Based on all the evidence available to the commission in July 2004, when the commission issued its final report, we found “no evidence that the Saudi government as an institution or senior Saudi officials individually funded” al Qaeda. (p. 171)

To be sure, there is much in the 9/11 Commission Report that is highly critical of Saudi Arabia, and the commission also sharply criticized the conduct of other foreign governments. Individual Saudis were culpable of heinous crimes: 15 of the 19 hijackers were Saudi nationals. For years, the Saudi government tolerated and in some cases fanned the diffusion of an especially vitriolic extremist form of Islam, funding schools and mosques across the globe that spread it. Wealthy Saudis contributed to Islamic charities, some of which had links to terrorism. That policy has had tragic consequences for Saudi Arabia itself. Extremists made the Saudi kingdom one of their top targets. This is one of the reasons why Saudi Arabia has been an ally of the United States in combatting terrorism; many Saudi public servants have died in their battles with al Qaeda operatives.

In 2015 another independent panel, the 9/11 Review Commission created by Congress, reviewed the evidence gathered in recent years. That commission reaffirmed the conclusions of the 9/11 Commission (see p. 101 of the Review Commission’s report). That panel also thoroughly reviewed the Saudi-related leads in the 28 pages and concluded that despite the fact that two FBI teams continue to actively investigate the issue, there was no new evidence against the Saudi government.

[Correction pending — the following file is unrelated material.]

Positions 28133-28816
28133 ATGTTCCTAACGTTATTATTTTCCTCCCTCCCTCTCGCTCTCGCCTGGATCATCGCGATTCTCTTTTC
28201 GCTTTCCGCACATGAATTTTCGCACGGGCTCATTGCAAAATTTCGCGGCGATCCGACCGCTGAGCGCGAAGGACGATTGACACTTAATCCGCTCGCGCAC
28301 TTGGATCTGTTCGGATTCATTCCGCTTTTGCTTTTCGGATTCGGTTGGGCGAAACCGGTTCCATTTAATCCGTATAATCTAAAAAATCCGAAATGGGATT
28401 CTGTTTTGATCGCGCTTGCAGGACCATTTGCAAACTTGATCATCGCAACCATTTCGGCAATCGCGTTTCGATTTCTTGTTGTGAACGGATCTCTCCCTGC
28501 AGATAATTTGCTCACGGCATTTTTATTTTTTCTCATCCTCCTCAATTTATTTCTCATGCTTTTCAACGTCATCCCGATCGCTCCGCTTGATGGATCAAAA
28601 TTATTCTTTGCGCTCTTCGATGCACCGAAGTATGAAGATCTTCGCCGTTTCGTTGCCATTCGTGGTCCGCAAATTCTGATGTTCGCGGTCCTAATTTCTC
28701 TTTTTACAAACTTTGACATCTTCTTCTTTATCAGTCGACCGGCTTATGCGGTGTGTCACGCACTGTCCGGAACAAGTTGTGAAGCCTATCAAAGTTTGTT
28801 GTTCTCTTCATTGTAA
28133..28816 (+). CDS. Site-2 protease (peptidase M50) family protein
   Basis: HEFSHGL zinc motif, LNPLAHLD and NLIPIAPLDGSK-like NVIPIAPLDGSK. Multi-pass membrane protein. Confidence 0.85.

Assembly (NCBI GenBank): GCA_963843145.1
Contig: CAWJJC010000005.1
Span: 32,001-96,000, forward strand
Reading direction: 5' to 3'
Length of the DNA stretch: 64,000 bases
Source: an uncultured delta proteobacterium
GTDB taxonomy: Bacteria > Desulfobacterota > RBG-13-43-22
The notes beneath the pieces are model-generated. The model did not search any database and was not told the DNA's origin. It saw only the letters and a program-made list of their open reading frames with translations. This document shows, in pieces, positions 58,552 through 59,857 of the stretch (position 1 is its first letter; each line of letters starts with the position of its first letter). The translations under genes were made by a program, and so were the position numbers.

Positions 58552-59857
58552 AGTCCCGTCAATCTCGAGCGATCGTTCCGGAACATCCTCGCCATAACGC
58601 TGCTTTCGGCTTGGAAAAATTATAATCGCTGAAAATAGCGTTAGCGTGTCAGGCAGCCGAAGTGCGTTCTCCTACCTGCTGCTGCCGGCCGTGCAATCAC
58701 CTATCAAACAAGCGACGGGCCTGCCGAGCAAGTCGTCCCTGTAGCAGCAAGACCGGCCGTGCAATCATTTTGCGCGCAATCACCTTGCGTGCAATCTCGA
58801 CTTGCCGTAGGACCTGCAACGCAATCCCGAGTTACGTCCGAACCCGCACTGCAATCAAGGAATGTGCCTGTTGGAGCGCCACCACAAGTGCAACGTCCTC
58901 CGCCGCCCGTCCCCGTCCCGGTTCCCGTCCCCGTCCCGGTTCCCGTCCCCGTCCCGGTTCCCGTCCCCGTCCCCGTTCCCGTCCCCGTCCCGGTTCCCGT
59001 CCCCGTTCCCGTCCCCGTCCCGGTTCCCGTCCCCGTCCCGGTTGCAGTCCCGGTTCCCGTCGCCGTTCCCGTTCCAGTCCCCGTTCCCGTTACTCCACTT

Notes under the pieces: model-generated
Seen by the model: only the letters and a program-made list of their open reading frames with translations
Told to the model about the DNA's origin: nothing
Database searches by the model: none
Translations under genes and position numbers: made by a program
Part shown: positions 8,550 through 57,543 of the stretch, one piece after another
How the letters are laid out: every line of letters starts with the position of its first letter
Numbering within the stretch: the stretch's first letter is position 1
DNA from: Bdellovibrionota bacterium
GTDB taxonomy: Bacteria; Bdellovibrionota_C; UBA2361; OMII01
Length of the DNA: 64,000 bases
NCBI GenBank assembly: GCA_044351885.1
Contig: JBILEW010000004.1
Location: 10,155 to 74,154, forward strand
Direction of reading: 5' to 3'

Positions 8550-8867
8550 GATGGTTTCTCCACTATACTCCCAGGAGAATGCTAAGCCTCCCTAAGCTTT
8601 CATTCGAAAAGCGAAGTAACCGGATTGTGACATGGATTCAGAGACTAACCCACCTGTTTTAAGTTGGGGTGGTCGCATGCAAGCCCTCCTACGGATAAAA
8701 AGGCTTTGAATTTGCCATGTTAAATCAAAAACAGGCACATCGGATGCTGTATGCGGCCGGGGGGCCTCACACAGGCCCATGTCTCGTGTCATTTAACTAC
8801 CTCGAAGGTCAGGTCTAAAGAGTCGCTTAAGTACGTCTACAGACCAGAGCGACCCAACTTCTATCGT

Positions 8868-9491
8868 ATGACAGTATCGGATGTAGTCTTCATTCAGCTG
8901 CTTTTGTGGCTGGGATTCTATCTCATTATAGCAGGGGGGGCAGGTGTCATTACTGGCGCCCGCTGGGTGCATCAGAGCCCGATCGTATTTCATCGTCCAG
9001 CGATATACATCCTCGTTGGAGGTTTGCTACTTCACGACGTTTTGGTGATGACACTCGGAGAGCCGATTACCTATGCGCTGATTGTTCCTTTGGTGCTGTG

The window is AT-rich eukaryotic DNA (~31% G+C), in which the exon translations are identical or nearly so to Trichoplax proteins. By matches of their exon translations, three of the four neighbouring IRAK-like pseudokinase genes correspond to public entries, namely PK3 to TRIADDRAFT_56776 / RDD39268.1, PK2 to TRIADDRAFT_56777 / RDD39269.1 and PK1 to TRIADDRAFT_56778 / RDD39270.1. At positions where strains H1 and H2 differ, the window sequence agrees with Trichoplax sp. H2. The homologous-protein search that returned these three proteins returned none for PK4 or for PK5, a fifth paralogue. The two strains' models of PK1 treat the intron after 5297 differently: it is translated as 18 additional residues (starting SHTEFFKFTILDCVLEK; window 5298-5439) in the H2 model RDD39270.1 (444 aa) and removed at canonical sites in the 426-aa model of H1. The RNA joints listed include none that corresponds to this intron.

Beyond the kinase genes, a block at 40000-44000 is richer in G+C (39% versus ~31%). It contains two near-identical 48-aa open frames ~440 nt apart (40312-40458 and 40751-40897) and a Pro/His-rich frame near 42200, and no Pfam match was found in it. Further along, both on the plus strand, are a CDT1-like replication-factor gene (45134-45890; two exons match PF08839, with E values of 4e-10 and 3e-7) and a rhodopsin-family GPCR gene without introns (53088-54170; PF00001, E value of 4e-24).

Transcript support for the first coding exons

We welcome public discussion of the 9/11 attacks. We hope the accused perpetrators of the attacks who are currently in custody will soon be brought to trial and face justice. We also hope that the work of the 9/11 Commission, the 9/11 Review Commission, and the continuing work of the FBI will help advance fact-based reflections on the past and the future.

Kean and Hamilton are co-chairs of the Bipartisan Policy Center’s National Security Program.